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Education: English broken here
Story by Timothy Pratt
ELL funding gets lost in translation
State Sen. Moises Denis is nearing 50, but he remembers what it was like to sit in an elementary school classroom, years behind his fellow students in reading. Denis was born in the United States but his parents are Cuban. He didn’t speak English when he started first grade in Las Vegas and didn’t read at grade level for another five years.
There were no English Language Learner specialists at the time. “I remember being frustrated,” he says. That he persevered is a testimony to the support of his parents. “A lot of Latino students never make it that far,” he notes.
A recent Brookings Institution report makes clear that Denis was a fortunate exception to the rule. It points out that more than 5 million students across the nation struggle with schoolwork because they’re still learning English. For many of those who don’t catch up by third grade, the report notes, the gap between them and other students will persist throughout their educational careers. The same report recommends expanding funding for English-language programs that have proven effective as a policy for closing future achievement gaps.
Nonetheless, faced with overwhelming threats to the education budget from kindergarten through college, the 2011 Legislature could barely consider the issue. Nevada emerged from the session as still being one of less than 10 states in the nation without a weighted, set-aside funding formula for its students who speak English as a second language. (One bill, SB 11, was supposed to tackle the way the state funds education. But instead, a version passed that merely proposes to study the method used for setting budgets.)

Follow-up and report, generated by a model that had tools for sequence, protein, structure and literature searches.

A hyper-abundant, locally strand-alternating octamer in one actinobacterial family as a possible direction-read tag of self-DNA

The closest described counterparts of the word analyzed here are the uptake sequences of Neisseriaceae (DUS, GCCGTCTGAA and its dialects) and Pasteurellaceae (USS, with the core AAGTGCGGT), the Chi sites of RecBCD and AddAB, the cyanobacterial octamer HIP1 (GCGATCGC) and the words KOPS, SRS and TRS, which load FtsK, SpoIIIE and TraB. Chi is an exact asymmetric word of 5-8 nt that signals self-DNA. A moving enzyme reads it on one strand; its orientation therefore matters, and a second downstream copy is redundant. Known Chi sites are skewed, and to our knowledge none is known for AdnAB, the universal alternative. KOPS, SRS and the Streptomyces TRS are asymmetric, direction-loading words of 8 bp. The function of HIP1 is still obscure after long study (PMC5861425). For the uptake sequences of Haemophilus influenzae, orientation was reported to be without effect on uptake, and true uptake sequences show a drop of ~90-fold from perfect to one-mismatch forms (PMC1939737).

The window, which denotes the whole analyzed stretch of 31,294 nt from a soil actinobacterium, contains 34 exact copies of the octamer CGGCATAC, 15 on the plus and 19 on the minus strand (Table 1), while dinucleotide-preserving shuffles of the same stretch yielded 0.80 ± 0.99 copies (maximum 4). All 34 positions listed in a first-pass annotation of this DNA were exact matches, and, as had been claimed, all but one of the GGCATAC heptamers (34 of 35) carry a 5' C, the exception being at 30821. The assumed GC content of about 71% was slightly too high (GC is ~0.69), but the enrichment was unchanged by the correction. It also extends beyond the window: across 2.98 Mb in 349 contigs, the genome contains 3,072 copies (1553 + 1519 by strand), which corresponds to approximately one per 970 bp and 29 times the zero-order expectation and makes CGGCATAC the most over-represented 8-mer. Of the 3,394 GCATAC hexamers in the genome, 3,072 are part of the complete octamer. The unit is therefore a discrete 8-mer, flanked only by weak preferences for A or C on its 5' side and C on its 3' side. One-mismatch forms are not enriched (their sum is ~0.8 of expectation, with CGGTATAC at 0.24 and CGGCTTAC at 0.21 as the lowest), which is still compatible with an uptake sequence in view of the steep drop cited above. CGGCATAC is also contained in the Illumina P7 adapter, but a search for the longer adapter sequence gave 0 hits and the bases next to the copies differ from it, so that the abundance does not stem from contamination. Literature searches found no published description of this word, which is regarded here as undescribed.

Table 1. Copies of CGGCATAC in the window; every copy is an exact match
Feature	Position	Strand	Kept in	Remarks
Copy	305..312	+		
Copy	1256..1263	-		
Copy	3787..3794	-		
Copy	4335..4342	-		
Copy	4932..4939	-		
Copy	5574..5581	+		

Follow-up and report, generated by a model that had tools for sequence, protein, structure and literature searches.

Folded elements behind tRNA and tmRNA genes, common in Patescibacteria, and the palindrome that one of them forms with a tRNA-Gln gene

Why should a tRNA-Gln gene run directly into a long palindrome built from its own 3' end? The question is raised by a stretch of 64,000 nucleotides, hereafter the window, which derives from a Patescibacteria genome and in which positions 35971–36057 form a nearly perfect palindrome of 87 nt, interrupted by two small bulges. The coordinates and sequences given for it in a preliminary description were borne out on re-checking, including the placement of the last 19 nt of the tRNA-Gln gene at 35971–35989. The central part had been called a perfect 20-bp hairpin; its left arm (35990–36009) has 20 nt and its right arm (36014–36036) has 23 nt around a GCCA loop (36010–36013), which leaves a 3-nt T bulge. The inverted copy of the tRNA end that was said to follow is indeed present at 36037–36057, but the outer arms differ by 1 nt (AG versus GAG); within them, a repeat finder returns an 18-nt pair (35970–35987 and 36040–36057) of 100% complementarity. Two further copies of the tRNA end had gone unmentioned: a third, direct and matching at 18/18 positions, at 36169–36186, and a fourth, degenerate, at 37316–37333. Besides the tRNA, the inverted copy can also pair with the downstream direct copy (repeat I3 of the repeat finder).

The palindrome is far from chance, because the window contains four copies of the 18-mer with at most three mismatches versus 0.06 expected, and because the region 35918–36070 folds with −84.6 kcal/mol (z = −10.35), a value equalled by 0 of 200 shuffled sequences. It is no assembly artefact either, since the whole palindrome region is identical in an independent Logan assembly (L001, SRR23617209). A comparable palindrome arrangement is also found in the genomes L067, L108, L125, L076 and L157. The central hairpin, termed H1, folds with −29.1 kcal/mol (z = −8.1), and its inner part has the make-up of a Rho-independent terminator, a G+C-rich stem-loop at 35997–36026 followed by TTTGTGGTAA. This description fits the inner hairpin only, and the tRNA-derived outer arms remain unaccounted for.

This despite the fact that, come September, 47,000 students, or almost 1 of every 6 students in the Clark County School District, will be in an ELL program. Nearly 9 of every 10 of them speak Spanish as a first language, and Hispanic students, now more than 40 percent of the total student population, have been driving growth in the district for at least a decade. Not having addressed the need to create the sort of funding formula that states with growing Hispanic populations like Florida and Texas have successfully applied “is sort of like if we had ignored the need to build the I-215,” says Joyce Haldeman, the associate superintendent who represented the district in Carson City.
“ELL has been invisible for 20 years or longer,” says Andres Ramírez, of Ramírez Group, a political and communications consulting firm. “Under a different set of circumstances, this would be the issue that the Hispanic caucus fights for,” he adds. “But here … the whole system is under attack.”
Before this session, state Sen. Ruben Kihuen was one of only three Hispanic legislators in a state where more than 1 in 4 residents is Hispanic. Kihuen says that a newly formed Hispanic caucus of eight legislators not only felt it necessary to defend education on all fronts during the session, but also was consumed with other issues of importance to the state’s Hispanic population, including immigration and redistricting.
“A lot of these students are bright,” he says. “If you give them the appropriate tools, they can become productive citizens.”
Those tools cost money, however. Craig Stevens, director of government relations for the Nevada State Education Association, says states like Florida multiply the amount being spent on each student by 1.5 (or another figure) in order to fund ELL students. “Not every student is funded the same because they are not the same,” he says.
Denis has heard constituents say that funding such programs is expensive. “But it is a lot less expensive than leaving a student on their own,” he says, which can result in high dropout rates and other social costs down the road.
Sylvia Lazos, a UNLV Boyd School of Law professor, spoke at a May 5 conference on ELL policies and programs at the university. “I think the state is still dodging a bullet,” she says, referring to federal law that requires school districts to adequately fund underserved populations. She cites the case of Arizona, where a lawsuit resulted in the federal government forcing Tucson’s school district to invest in ELL.
Lazos says the issue is also important to Nevada’s economy. “Our labor force is increasingly going to be first-generation U.S.-born children of immigrant, working-class families,” she says.
Norberta Anderson, director of the ELL program at CCSD, is facing a 20 percent cut in the $20 million from her annual budget that comes from the district’s general fund. She will lose all but 10 of her 160 ELL specialists. She will also gain 51 teachers whose responsibilities will include assisting with teaching English.
“Without appropriate funding,” she says, “we’re slowly going to deplete the workforce of the state.”
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